Thursday, 27 October 2011

I'm sick

This week I have mostly been sleeping in between lying down and standing up while the room moves about around me. I have an ear infection, which is affecting my hearing and my balance. I've become really sensitive to noise and keep feeling wobbly.
I've been off work and bored silly. I could have used the time better, but I've been feeling so wrung out by this that I've been napping a lot, not sleeping at night.
Today I went into work, I lasted til lunchtime. The office got noisier and having struggled into the office on the underground, I was feeling wobbly and had stabbing pains in my ear. So home I came. And to bed I went.
So far the most I've accomplished is reading all of Terry Pratchett's latest novel 'Snuff'. It's very good, if less funny than some of his previous work.
Hopefully the delightful antibiotics the doctor prescribed will eventually work and make everything better and I can go back to work on Monday feeling normal and get my work done.
Here's to a weekend of healing.

Friday, 21 October 2011

The Particular Sadness of Lemon Cake - Aimee Bender

At the age of 9, Rose discovers a strange power, she can taste the emotions of her mother in the cake she has baked for Rose’s birthday. It isn’t just her mother’s feelings she experiences, everything she eats comes loaded with the moods of everyone who has participated in putting it together. Rose learns to survive and starts to notice the cracks in her family. Then her brother starts disappearing.
What starts off slowly grows into a much more interesting and slightly weird narrative. If you enjoyed ‘Like Water For Chocolate’or ‘The Secret Life of Bees’ you might well want to read this.

Saturday, 15 October 2011

Teetering on the edge of being a grown up...

I am 25. Which sounds awfully depressing, I'm also working full time, finishing a Masters degree and in an increasing serious relationship. I think that means I'm almost a grown up. Whatever that is.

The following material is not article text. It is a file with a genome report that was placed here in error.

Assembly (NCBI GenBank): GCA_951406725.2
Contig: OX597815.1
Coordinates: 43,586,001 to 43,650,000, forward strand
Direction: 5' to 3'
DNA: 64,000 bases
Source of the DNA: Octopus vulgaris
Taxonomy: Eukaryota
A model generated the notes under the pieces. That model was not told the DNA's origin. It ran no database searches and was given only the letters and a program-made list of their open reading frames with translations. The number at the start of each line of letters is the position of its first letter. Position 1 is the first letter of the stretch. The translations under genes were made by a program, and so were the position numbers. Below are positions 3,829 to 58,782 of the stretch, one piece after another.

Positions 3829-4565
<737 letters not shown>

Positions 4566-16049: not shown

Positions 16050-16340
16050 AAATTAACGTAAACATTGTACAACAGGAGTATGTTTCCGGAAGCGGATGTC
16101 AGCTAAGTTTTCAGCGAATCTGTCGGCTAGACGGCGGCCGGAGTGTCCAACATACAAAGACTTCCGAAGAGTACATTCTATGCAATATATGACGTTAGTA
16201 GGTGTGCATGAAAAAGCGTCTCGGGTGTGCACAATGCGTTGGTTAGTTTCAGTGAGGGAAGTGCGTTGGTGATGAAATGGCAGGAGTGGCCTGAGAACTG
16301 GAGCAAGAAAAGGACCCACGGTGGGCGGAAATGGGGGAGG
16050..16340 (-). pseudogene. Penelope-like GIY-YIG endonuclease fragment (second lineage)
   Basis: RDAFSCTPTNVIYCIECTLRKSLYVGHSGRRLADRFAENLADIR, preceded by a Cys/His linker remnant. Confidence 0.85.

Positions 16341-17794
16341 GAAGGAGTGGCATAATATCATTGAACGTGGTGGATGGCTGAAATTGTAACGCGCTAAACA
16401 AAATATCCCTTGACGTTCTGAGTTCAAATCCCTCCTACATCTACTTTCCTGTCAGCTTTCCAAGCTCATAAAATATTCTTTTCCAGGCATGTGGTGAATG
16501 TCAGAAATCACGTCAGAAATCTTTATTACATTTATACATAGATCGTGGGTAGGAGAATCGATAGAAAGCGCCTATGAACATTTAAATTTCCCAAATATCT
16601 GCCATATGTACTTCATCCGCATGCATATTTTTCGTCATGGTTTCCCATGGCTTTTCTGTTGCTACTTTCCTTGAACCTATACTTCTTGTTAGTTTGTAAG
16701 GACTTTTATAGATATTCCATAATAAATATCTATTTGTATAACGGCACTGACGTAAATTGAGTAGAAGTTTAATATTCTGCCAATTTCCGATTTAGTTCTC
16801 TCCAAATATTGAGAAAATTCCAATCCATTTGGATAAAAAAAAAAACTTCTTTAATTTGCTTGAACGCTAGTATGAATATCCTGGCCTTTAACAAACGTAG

The Boy and I have been talking for a while about what we want from our relationship, this is not a casual thing, we both see a future of some sort. Yes, we've had problems, arguments, we're working out what the boundaries are for each of us. The compromises we have to make in order to meet each other on solid and equal ground.
Recently we've been talking about moving in together. I've outgrown my bedroom in my parents' house and he's tired of living alone. First thing we have to do is start saving money so we can afford to pay a deposit and first month's rent. Secondly we need to find somewhere to live. I'm the more difficult one in this respect, I don't want to move too far away from my friends and family. He's already moved several hours from his parents, but I'm close to my mum and most of my friends still live in the area.
I think we'll spend the next few months looking around and saving, which isn't the easiest thing to do with Christmas on the horizon. But I think we can do this. If it's what we really want, we'll just have to work for it.
Growing up is boring, but exciting in its prospects.

Wednesday, 5 October 2011

Poems and Poets

Tomorrow is National Poetry Day, which celebrates the talents and history of this slightly neglected and misunderstood genre.
Apparently sales of poetry books have remained rather good, despite the economic downturn and the fact that book sales have fallen. I'm surprised mostly because bookshops seem to think that poetry books need to be hidden in a remote corner of the shop, on maybe 2 shelves, slightly neglected.